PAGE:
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I Believe

I Believe

So, who is Santa?

The first time the toddler who is now Eighteen encountered Santa Claus, he was wary at best. In the over-decorated mall near our Maryland home, my little boy more or less consented to be seated on the big man’s knee, only to promptly reach for me. He didn’t stay long enough to snap a photo.

A year later at his preschool, we waited until every other child who wanted to visit Santa had climbed up on the stage, sat on the sage’s lap, posed for adorable pictures, and been gifted with a candy cane. Eighteen was not entirely certain he wanted a turn, but he finally consented to go see Santa. Next thing I knew, he was snuggled deep in the crook of Santa’s arm grinning and looking like he might just stay there until Christmas. Maybe it was because that Santa smelled just right—the man in the red suit at the preschool holiday fair was Eighteen’s father.

If Eighteen at two-and-a-half had any inkling, he didn’t let on. Five years later when he was moments from losing his second tooth and I suggested the tooth fairy might be visiting soon, he leveled his gaze at me and said, wiggling the tooth the whole time, “I think the tooth fairy might be sitting right across from me.” I’m pretty sure my face fell, because the next words he said were in a rush, “but it’s okay, Mommy, for the adults to pretend about the tooth fairy and the Easter bunny and Santa—it makes it more fun.”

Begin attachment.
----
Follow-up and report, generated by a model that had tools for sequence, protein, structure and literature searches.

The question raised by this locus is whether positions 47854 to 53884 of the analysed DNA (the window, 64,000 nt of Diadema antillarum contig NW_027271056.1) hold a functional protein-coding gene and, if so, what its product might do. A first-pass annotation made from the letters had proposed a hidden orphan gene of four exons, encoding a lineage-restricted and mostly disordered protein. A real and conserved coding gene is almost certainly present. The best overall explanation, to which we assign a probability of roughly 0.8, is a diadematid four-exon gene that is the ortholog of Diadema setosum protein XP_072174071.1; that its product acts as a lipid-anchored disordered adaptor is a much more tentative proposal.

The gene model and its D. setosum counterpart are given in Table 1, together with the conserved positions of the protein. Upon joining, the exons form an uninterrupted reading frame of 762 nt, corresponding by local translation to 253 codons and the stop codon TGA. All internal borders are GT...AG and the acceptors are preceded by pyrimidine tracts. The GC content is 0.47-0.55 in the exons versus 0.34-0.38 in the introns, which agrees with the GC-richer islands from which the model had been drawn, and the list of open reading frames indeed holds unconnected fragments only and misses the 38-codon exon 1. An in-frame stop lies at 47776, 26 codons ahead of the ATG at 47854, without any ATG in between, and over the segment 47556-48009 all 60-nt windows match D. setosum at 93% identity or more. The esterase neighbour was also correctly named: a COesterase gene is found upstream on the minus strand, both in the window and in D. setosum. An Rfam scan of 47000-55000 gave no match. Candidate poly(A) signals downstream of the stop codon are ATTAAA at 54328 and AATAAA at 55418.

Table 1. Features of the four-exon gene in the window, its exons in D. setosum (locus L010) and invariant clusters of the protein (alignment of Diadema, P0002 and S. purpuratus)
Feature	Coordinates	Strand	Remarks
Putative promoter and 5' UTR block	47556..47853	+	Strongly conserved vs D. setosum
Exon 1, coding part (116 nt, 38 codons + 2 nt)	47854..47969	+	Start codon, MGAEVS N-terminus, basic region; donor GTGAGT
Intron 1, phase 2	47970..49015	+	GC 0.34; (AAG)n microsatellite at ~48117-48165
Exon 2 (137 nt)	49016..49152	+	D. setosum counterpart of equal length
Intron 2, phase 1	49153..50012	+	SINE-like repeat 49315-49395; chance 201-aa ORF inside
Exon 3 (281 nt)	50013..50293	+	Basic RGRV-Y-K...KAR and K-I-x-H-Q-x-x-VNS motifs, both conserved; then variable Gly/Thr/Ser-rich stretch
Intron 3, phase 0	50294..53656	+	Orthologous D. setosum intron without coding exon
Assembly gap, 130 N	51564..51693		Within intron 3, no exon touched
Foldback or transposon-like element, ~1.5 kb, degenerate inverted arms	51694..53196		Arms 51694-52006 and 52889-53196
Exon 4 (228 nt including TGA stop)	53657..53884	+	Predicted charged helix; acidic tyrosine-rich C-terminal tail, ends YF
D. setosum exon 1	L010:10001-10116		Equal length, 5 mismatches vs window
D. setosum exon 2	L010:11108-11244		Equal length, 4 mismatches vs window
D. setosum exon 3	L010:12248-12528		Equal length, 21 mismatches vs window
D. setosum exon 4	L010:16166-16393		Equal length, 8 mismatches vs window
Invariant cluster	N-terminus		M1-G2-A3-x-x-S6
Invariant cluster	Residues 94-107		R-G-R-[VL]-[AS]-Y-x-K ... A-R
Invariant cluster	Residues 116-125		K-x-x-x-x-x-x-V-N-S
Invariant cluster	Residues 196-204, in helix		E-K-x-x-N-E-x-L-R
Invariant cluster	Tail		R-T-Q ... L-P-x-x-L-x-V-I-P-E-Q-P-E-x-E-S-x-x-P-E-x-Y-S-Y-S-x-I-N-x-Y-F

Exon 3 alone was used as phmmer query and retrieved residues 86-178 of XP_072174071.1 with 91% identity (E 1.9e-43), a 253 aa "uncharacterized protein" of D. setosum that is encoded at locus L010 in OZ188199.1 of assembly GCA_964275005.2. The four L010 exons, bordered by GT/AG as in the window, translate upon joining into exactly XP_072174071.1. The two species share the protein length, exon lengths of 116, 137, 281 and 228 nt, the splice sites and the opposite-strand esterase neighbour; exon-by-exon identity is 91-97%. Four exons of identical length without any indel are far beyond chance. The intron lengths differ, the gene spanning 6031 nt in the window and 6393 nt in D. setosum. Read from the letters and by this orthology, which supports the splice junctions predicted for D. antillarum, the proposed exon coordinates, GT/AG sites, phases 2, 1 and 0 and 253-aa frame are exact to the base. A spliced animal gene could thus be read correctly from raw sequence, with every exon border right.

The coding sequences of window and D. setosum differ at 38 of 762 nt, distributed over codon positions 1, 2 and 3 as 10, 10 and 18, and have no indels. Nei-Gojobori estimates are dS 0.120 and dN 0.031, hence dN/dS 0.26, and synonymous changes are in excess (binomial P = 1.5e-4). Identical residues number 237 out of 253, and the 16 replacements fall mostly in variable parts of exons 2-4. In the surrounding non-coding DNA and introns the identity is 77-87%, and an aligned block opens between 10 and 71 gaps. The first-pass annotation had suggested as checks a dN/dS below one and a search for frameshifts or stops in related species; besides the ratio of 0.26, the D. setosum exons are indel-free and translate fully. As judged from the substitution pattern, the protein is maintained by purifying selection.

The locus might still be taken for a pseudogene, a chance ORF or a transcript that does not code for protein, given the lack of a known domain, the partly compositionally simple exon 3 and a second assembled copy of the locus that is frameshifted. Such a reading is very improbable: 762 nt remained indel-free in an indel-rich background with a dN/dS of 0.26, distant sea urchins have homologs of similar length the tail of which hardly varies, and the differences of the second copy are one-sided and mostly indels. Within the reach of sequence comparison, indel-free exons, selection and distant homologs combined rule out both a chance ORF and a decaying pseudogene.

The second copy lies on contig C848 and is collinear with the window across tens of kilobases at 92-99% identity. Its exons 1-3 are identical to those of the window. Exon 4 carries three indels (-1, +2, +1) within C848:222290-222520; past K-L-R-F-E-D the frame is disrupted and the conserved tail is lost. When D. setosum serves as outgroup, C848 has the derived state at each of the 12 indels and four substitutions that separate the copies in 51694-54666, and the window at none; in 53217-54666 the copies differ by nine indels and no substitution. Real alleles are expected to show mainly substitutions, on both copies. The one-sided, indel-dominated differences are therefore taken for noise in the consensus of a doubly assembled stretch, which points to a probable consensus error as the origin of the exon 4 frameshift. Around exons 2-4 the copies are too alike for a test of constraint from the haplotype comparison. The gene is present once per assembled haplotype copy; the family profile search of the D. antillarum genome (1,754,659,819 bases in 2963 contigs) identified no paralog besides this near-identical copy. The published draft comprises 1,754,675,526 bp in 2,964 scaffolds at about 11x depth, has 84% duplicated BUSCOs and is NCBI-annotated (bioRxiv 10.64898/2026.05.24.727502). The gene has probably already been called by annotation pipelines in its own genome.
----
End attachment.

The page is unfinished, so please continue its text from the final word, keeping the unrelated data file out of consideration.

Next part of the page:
In contrast, Fifteen’s only fear about Santa when she was small was that the Christmas Eve fire might not be cool enough for Santa’s arrival, so she often insisted that we not build one at all. But last year, still gleefully anticipated their Christmas morning stockings, my peeps played cards with me in front of a roaring fire and at bedtime, they didn’t leave any cookies on the hearth. I didn’t remind them.1917186_1301412100329_1554404_n

From the beginning, we held to the tradition that while Santa filled the stockings, the gifts under the tree were from people. Close to Christmas we would go to Target, a place where they could each find something for everyone. We made lists, checked them twice and they even had gift budgets. When they were a little older, I’d take them to the winter farmers’ market to do their shopping. One of my all-time favorite gifts is a blown emu egg from my son. Their creative gift giving continues and today they are not only generous, they relish shopping for other people.

I found myself remarkably sentimental when a photo of my peeps with Santa from eight years ago popped up in my Facebook newsfeed. Reposting offered me the opportunity to think about Santa. Commercial symbol, wise saint, jolly elf—Santa may mean many things to many a person, but to me he’s the spirit of generosity and joy and childhood delights and a reminder that we learn not only to give graciously but to receive gifts from unexpected sources.

That’s what I thought about on a Tuesday. The very next day when I stopped to pick up a stocking stuffer for Eighteen at Bed, Bath & Beyond, I smiled at a man singing along to the Christmas carols while flattening myself so he could push his cart past me. “I love Christmas music,” he smiled, his cart already full.

“Don’t stop singing on my account,” I smiled and moved along.

“Hey,” he called back to me. “The other day I was in here and I bought the best little gadget … ah, here it is.” He had stooped down to the bottom shelf and was holding an apple peeler. “Do you have one of these? It’s terrific.”

“I don’t,” I had turned back around to see the box in his hand. “But I believe you.”

“Well, I’ll tell you what. If you’re up at the checkout when I’m there, I’m going to buy you one.”

I laughed, “You don’t have to do that.”

His friend was starting to say, “Don’t tell him not to, he will. You can’t stop him.”